btw, DH's PT had me measure the one step-up at the front door of our old house. Before he was released, she made sure he had the strength and the skills to step up that high. If I remember correctly, it was 5". So surely he will be able to step over a 4" curb on a shower.

Thanks for the recommendations to talk to PT. I'll take the plans over to the local guy next week.

It isn't the Code people talking about overflowing showers. It is the construction supervisor...the guy who works for the builder and actually oversees construction. I think he just hates to do anything different for him old way.


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RE: understanding shower curb height

bbstx - I stayed in the hospital overnight after one of my knee operations - it was nice. Inpatient PT, all of those inhouse assisted devices that I didn't have at home. But I think I can do outpatient rehab for the tkrs...the PT clinic is about 4 miles from our new house, and I'll have a walk in shower, etc - things I never had before (I do NOT have "virgin knees"!)...they're most concerned about my right knee, so we haven't made any plans at this point for the left one. I can't have MRIs, so I may suggest that they at least scope the left one when they're replacing the right one. Enhanced CTs are as good as we can go - and they hurt!...

I need to get through construction of this new house - we planned it with aging in place and bad knees in mind. I can enter the house without stairs, and there are no stairs inside. MB will have grab rails - very nice ones! - a raised potty...I could use those rails right now! Anyhow, we are GCing it ourselves, which is crazy. I don't have a date for the tkr - probably close to February...we have to move first, and install closet systems, shelves, etc.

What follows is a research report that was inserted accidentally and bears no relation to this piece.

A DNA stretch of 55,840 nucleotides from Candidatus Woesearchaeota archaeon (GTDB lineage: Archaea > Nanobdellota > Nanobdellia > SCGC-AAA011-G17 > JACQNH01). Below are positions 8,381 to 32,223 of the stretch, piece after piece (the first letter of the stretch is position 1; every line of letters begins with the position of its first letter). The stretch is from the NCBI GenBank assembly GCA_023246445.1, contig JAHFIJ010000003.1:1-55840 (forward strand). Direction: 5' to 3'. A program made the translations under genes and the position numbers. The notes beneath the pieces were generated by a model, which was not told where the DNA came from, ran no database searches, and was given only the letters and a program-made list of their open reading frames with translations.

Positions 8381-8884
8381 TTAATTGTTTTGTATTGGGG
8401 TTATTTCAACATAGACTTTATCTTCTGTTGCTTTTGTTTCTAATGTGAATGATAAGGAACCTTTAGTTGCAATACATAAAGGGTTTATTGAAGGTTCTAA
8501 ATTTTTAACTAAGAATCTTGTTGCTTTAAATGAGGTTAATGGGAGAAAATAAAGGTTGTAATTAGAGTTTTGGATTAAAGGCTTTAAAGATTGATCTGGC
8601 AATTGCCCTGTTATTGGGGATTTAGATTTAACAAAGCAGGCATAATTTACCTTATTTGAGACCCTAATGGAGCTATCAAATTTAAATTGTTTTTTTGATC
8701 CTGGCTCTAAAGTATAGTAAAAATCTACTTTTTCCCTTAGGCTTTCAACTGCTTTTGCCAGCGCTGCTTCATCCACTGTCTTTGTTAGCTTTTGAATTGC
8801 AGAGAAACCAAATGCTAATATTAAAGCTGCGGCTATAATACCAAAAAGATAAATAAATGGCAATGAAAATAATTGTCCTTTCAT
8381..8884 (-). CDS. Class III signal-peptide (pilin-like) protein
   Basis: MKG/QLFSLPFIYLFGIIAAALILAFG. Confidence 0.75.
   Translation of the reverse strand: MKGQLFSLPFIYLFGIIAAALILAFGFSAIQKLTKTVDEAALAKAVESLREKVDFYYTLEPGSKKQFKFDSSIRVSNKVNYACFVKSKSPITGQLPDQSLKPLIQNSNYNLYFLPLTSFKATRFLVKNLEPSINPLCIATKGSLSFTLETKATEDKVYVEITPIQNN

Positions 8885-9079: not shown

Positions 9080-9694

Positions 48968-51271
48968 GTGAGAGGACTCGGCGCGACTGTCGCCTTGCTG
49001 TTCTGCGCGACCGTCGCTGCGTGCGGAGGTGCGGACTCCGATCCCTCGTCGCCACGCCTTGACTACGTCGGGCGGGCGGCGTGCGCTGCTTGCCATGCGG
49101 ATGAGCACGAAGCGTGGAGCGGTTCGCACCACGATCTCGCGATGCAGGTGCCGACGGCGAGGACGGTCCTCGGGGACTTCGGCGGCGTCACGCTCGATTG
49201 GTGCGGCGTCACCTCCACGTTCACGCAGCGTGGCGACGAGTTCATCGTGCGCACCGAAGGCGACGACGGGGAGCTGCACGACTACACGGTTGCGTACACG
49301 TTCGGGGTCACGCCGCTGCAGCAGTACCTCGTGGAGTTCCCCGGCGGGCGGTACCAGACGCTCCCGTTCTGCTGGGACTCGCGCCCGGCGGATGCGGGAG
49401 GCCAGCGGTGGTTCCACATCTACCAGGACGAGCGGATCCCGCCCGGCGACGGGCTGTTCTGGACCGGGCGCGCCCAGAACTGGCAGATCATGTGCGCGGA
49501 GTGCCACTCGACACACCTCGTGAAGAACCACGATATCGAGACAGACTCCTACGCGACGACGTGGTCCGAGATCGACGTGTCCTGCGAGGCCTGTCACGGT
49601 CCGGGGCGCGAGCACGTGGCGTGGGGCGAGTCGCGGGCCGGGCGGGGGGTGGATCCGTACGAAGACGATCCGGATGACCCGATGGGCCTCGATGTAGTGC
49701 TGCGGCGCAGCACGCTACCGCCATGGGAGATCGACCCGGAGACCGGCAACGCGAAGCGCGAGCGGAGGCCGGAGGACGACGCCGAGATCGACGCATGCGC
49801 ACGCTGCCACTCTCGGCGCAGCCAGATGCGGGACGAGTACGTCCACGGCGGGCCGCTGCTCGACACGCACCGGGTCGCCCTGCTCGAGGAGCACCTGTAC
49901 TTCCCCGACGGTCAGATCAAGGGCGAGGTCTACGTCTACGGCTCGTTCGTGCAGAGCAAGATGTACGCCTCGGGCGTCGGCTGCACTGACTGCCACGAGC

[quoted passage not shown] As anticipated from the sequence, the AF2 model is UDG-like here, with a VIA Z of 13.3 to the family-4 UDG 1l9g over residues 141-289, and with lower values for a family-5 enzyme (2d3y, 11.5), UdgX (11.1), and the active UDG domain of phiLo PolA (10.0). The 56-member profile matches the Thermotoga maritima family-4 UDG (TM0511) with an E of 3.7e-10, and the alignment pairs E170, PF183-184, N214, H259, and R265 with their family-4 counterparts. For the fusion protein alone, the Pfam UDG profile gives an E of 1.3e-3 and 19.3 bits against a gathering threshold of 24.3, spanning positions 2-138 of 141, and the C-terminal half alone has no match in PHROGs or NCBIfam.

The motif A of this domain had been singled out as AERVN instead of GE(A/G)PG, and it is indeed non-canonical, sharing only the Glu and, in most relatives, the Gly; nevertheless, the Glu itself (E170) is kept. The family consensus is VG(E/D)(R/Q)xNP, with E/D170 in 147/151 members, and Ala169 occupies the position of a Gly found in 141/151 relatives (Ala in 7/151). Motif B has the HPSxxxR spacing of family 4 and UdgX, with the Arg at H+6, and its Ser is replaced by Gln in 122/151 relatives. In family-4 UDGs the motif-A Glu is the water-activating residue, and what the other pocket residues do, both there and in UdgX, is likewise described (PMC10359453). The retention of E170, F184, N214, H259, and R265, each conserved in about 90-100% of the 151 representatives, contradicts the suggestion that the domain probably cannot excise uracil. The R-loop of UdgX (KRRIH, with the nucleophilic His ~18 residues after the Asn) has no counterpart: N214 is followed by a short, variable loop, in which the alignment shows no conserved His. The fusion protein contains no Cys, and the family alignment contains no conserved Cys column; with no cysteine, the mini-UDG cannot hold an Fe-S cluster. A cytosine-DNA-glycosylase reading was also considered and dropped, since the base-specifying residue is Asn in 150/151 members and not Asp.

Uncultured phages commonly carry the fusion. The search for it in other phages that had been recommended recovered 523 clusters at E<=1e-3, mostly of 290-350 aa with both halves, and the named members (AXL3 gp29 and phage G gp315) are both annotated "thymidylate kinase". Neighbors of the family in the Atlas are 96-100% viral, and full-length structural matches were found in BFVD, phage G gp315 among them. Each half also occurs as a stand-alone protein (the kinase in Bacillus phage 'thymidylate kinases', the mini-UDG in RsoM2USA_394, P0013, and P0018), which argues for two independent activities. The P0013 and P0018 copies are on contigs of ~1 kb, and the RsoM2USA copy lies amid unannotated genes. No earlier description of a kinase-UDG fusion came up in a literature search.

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RE: understanding shower curb height

Could someone please explain all of this to me (including how there is going to get to be 4" of water in the shower and I'm not going to realize the drain is stopped up and turn off the water)?

But I am also curious how a shower could overflow and not have anyone around to be aware of the problem.

A person falls or passes out in the shower and lands on top of the drain. If they cannot get up because they are injured or unconscious, their body covering the drain will prevent it from draining properly.


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RE: understanding shower curb height

deke, I couldn't argue with that scenario at all. However, if that is what has happened, the fact that the water may rise above the shower pan is the least of my worries.

It might even be argued that a 4" curb would keep the water shallow and thereby might help prevent drowning. (Ok, I threw that out there, but please don't let this disintegrate into a discussion of how little water it takes to drown. We are just playing with hypotheticals here.)


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RE: understanding shower curb height

Our curb is not quite 4" up from the floor outside the shower, and that is with a top piece that is 1 3/16" thick from our crema marfil counter slab, done to avoid grout lines on the curb. If I'd had them use tile on the top of the curb instead, it would have been a bit lower. The shower floor is stone tile, with rubber membrane underneath.
So, a low curb using standard construction methods is definitely possible.


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RE: understanding shower curb height

Thanks, bethinnc. I think he's just trying to throw obstacles (no pun) in my way because it will require him to think about what has to be done instead of just going on auto-pilot.


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RE: understanding shower curb height

The only requirement for a curb height is based upon the height of the curb top when compared to the shower drain.

The top of your curb needs to be 2" minimum higher than the drain. One way to visualize it is if the shower drain were to get plugged, you'd have at least a 2" water depth at the drain before water flowed over the curb and onto the unprotected bathroom floor.